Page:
He became paralysed after a freak diving accident in his first year of university, but Mr Wong Zi Heng, 27, never wallowed in self-pity and persevered to become a teacher.
Ms Zulayqha Zulkifli, 24, was homeless for many months, yet she was determined to become a social worker, and will soon graduate with a bachelor's degree in social work.
Once a drug trafficker who did "many wicked things", Mr Thomas Liao, 32, turned his life around in jail and is now helping families as a senior social work associate.
For inspiring others with their resilience and heart for the community, the trio were honoured yesterday with the inaugural The Straits Times Generation Grit Award 2018, presented by re-insurance company Swiss Re.
Mr Wong, Ms Zulayqha and Mr Liao were picked from 24 nominees who were featured in The Straits Times' fortnightly column, Generation Grit, from December 2017, when it started, to last December.
The winners were picked by a panel of judges comprising ST editors and representatives from Swiss Re. The public's votes for their favourite stories were also considered in the judging.
The column features millennials in their 20s to mid-30s who demonstrate extraordinary grit and courage in overcoming adversities - from poverty and troubled family backgrounds to sudden disabilities.
Minister for Communications and Information S. Iswaran, who attended the awards ceremony held at The Pod in the National Library Building, said millennials are often thought of as the entitled and less resilient children of an era of plenty, yet this is not a fair or accurate picture and there is much evidence to the contrary.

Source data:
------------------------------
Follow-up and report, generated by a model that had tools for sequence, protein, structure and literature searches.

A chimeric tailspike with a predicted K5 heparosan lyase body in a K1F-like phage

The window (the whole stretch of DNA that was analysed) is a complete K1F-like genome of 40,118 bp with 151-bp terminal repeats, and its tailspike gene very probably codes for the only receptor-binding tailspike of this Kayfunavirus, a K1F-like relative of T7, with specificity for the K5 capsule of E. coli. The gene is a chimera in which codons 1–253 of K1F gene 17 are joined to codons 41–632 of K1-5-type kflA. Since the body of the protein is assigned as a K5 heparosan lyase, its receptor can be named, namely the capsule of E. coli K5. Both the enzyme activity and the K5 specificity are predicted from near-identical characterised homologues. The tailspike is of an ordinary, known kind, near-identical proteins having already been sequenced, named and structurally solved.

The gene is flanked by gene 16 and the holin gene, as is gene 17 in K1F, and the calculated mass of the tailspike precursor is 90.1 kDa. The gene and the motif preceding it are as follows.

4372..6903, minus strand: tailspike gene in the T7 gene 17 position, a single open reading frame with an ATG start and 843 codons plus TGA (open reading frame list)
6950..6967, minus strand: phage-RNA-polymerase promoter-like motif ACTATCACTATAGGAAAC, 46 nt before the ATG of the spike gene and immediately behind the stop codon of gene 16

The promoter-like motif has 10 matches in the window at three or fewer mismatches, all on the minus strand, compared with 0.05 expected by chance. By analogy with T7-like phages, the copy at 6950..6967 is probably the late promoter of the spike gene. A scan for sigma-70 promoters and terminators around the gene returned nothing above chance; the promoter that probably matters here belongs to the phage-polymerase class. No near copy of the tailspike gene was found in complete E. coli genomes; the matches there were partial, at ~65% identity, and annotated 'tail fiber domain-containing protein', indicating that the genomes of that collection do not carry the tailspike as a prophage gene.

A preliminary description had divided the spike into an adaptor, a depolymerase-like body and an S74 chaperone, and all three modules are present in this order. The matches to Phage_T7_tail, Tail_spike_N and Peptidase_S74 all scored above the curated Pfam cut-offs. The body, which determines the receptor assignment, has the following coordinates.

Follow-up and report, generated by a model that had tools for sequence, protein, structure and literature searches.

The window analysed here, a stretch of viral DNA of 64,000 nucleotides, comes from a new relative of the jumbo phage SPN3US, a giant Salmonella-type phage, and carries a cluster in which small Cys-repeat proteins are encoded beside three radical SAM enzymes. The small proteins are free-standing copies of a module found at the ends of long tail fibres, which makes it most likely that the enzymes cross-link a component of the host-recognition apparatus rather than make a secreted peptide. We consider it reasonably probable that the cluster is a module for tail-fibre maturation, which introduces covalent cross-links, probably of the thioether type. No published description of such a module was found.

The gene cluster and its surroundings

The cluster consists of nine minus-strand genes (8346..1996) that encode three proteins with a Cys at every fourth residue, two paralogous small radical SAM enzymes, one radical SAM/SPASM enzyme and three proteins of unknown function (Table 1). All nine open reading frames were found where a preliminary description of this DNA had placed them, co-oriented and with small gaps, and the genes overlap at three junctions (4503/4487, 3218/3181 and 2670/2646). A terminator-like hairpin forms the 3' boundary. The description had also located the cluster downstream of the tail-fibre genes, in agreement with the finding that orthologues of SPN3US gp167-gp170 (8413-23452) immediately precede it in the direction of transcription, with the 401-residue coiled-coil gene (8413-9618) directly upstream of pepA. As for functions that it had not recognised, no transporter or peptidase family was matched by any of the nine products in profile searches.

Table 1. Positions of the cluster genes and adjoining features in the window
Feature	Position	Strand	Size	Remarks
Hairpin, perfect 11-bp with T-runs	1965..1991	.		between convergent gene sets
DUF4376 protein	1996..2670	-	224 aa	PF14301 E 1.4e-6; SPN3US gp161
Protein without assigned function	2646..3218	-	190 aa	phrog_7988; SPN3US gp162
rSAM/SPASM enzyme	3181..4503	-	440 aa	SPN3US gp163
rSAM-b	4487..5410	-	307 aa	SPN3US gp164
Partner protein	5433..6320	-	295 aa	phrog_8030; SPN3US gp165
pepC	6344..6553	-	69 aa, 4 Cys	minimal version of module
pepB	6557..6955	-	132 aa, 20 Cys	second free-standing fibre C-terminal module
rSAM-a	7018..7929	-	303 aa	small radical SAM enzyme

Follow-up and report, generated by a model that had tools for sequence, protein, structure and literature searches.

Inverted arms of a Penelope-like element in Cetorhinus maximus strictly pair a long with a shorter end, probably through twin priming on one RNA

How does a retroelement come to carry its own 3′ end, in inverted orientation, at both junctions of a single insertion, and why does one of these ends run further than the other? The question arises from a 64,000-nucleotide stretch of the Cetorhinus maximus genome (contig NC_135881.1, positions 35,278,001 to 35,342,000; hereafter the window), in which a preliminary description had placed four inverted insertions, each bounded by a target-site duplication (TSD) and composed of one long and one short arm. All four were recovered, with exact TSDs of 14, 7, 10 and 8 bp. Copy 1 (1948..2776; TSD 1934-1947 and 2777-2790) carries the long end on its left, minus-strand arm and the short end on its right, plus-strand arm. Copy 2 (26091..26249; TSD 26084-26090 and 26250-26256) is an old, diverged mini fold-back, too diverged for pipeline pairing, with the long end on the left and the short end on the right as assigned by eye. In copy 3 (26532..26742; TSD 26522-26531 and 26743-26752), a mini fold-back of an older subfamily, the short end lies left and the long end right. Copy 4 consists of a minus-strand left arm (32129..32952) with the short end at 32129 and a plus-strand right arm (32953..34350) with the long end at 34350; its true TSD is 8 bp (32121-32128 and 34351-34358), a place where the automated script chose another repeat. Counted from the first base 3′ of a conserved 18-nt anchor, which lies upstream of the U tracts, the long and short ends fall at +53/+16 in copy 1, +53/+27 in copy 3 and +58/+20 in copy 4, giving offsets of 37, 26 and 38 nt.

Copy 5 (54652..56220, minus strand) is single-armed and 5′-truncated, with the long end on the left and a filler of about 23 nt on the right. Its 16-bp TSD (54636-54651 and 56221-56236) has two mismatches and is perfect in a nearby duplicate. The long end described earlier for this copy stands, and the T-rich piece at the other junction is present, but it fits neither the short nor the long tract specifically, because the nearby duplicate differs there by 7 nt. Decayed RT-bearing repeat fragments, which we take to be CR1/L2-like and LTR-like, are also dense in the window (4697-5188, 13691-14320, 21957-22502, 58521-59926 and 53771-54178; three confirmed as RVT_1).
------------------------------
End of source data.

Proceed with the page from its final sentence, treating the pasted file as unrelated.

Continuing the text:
"In you and your life stories, we see the promise of the future, of individuals with the courage, conviction and determination to overcome adversity, persevere and realise your life dream," he said.
Mr Iswaran presented the awards to the winners, along with Straits Times editor Warren Fernandez, whoheads the English/Malay/ Tamil Media Group of Singapore Press Holdings, as well as Mr Victor Kuk, Swiss Re's Singapore country president.
The three winners each received $5,000 and a trophy.
Mr Fernandez said the heartwarming stories in the Generation Grit column have gained a strong following among ST readers.
This is especially so among the younger generation, he said, noting that those aged between 18 and 35 make up about half of the audience on ST's digital platforms. The features have frequently topped ST's charts of the best-read stories and videos.
"These are stories about the millennials, for the millennials, and we are happy that it is resonating among them because we want to continue serving Singaporeans, including young Singaporeans, for many years to come," he added.
The three winners talked about their experiences in a session with ST senior social affairs correspondent Theresa Tan.
Mr Wong, a teacher at Bedok South Secondary School, said he hopes the stories remind people to be grateful for what they have in life. People are often caught up with what they do not have, and neglect what they do have, he said.
Mr Liao, a senior social work associate at Fei Yue Community Services, said there are many others who also deserve accolades for helping the community, and he is thankful for the many unsung heroes who have helped him.
While Mr Liao and Mr Wong have no plans yet for their prize money, Ms Zulayqha, a social work associate at the Cerebral Palsy Alliance Singapore, plans to help fund her brother's studies with the cash gift.